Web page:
It is said to be one of the most dramatic demonstrations in the history of toxicology. But it may not have happened, at least not in the way it's been reported.
As the 1813 story goes, French chemist Michel Bertrand publicly swallowed 5 gm of arsenic trioxide—clearly a supra-lethal dose—mixed with activated charcoal (AC). Miraculously, he survived, and so was born the idea of using AC for oral poisoning.
This account always seemed a little fishy to me. The potentially fatal dose of arsenic is about 2.5 mg/kg. Say that Bertrand, about whom little is known, weighed 170 pounds, which would make a lethal dose 192 mg; 5 gm of arsenic trioxide would represent 26 times the lethal dose! The good chemist must have been a brave man indeed if he carried out such an experiment.
But there are other considerations. Kent Olson, MD, in a superb review of activated charcoal, suggested that the optimal weight:weight ratio of AC to poison is 40:1, rather than the commonly cited figure of 10:1 (J Med Toxicol 2010;6:190.) Because he was ingesting such a massive overdose, Bertrand would certainly have wanted to take advantage of the optimal dose of AC, which would be 200 gm. That's quite a lot. Dr. Olson reported that AC is not particularly effective at absorbing arsenic trioxide.
Lawrence K. Altman, MD, writes about Bertrand's experiment in his book, Who Goes First: The Story of Self-Experimentation in Medicine, noting that “[o]ther researchers had difficulty confirming his findings.” Dr. Altman does not supply details about these failed attempts to replicate Bertrand's results, but one imagines that they could have been an early and tragic example of “publish or perish.”
I think my initial hunch was correct, and the Bertrand demonstration of AC's effectiveness never took place as it has been described in just about every medical toxicology textbook. If it had, poor Bertrand wouldn't have stood a chance. Why does this myth persist? As newspaper reporter Maxwell Scott says at the end of John Ford's great film, “The Man Who Shot Liberty Valence:” “When the legend becomes fact, print the legend.”
Waxing and Waning
Interest in AC for toxic ingestions has waxed and waned in the two centuries since Bertrand's questionable demonstration. AC wasn't considered standard treatment in poisonings until the 1960s when it started to be used routinely in almost every patient, even if the “overdose” was clearly not significant (for example, several ibuprofen pills.) Enthusiasm for this intervention has drastically decreased in recent years. Given that AC has never been proven to improve patient-oriented outcomes, some toxicologists recommend not using it at all unless it can be given within an hour after ingestion.
David Juurlink, MD, examined this topic in 2015, devising a list of factors that would increase the appropriateness of administering a dose of AC. (Table 1; Br J Clin Pharmacol 2016;81:482.) Three of these bear comment:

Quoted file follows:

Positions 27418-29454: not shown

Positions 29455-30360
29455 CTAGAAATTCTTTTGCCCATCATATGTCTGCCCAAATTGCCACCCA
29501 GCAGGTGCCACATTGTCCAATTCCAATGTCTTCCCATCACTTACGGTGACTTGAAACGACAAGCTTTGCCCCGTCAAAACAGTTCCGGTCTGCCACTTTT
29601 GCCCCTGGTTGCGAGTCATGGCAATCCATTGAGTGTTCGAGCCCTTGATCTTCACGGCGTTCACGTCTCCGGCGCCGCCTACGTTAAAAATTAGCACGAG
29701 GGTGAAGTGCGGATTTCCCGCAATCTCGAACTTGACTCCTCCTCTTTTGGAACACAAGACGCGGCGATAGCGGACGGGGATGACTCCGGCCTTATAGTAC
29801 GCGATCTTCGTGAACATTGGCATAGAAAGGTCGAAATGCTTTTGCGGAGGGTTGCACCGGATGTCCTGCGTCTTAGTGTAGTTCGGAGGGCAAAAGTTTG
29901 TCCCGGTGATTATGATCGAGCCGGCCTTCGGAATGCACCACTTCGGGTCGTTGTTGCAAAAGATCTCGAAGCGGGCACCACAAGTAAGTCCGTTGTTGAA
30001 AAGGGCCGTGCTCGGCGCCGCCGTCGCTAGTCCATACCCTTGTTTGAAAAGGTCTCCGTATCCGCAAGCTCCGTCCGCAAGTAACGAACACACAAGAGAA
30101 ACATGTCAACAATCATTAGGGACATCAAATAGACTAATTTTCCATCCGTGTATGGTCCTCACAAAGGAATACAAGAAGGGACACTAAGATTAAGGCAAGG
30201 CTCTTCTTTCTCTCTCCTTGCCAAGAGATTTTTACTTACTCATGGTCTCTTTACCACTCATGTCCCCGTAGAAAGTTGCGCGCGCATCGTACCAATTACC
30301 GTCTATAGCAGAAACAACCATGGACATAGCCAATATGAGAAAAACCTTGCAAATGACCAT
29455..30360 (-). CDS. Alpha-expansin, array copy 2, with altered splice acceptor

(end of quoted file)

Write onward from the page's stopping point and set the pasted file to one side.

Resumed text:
Serious toxicity anticipated: The days of routinely giving charcoal to every “overdose” patient are over. Medical toxicologists almost universally agree that these situations have to be evaluated on a case-by-case basis. As Dr. Juurlink noted: Single-dose AC “should be given only to patients in whom its use can reasonably be expected to reduce morbidity (or perhaps even mortality) in a manner that exceeds its risks.”
Recent ingestion: The current position paper endorsed by the major toxicology groups in North America and Europe said giving AC “may be considered if a patient has ingested a potentially toxic amount of a poison (which is known to be absorbed to charcoal) up to one hour previously.” (Clin Toxicol 2005;43:61.) I agree with Dr. Juurlink that this strict time limitation is not backed by good data and does not make logical sense. Even if the ingested poison has passed through the pylorus after one hour, AC might still bind what remains in the small intestine.
In large overdoses or co-ingestion of drugs such as anticholinergics or opioids that inhibit gastric emptying, toxic material may remain in the stomach even hours after ingestion, and bezoars may persist for days. Several recent studies suggested that single-dose AC can improve surrogate markers of toxicity even if given hours after ingestion. Giving a single dose of AC is relatively safe in the absence of contraindications, and the strict one-hour time limit should be abandoned.
Alert, cooperative patient: Single-dose AC has never been proven to improve patient outcomes, and the clinician should never feel it is mandatory. It is never appropriate to struggle with an uncooperative patient to get him to take a dose or to instill AC through an NG tube (unless the patient is already intubated.) It would also be reasonable to avoid giving AC if there is concern the patient's airway is not intact or that it might become unstable.
My bottom line: If there is a theoretical benefit to administering AC, but I'm concerned that it may be risky, I don't give it. If I think giving charcoal is safe but am not sure if it will provide benefit, I give it.
Factors that Cumulatively Increase the Appropriateness of Single-Dose AC
- Serious toxicity anticipated
- Recent ingestion
- Alert, cooperative patient
- Intact airway
- Lack of a specific antidote
- Favorable stoichiometry (mass of charcoal:mass of drug > 40:1)
- Ingestion of a modified release product
- Substance known to adsorb to activated charcoal
- Absence of ileus or intestinal obstruction
Source: Br J Clin Pharmacol 2016;81(3):482.
Contraindications to Administering Activated Charcoal
- Unprotected airway
- Depressed mental state (unless already intubated)
- Increased potential for harm from aspiration (e.g., hydrocarbons)
- Need to visualize upper GI tract (e.g., corrosive ingestion)
- Risk of gastrointestinal hemorrhage or perforation (e.g., recent surgery)
- Uncooperative patient
Adapted from Clin Toxicol 2005;43(2):61.Copyright © 2018 Wolters Kluwer Health, Inc. All rights reserved.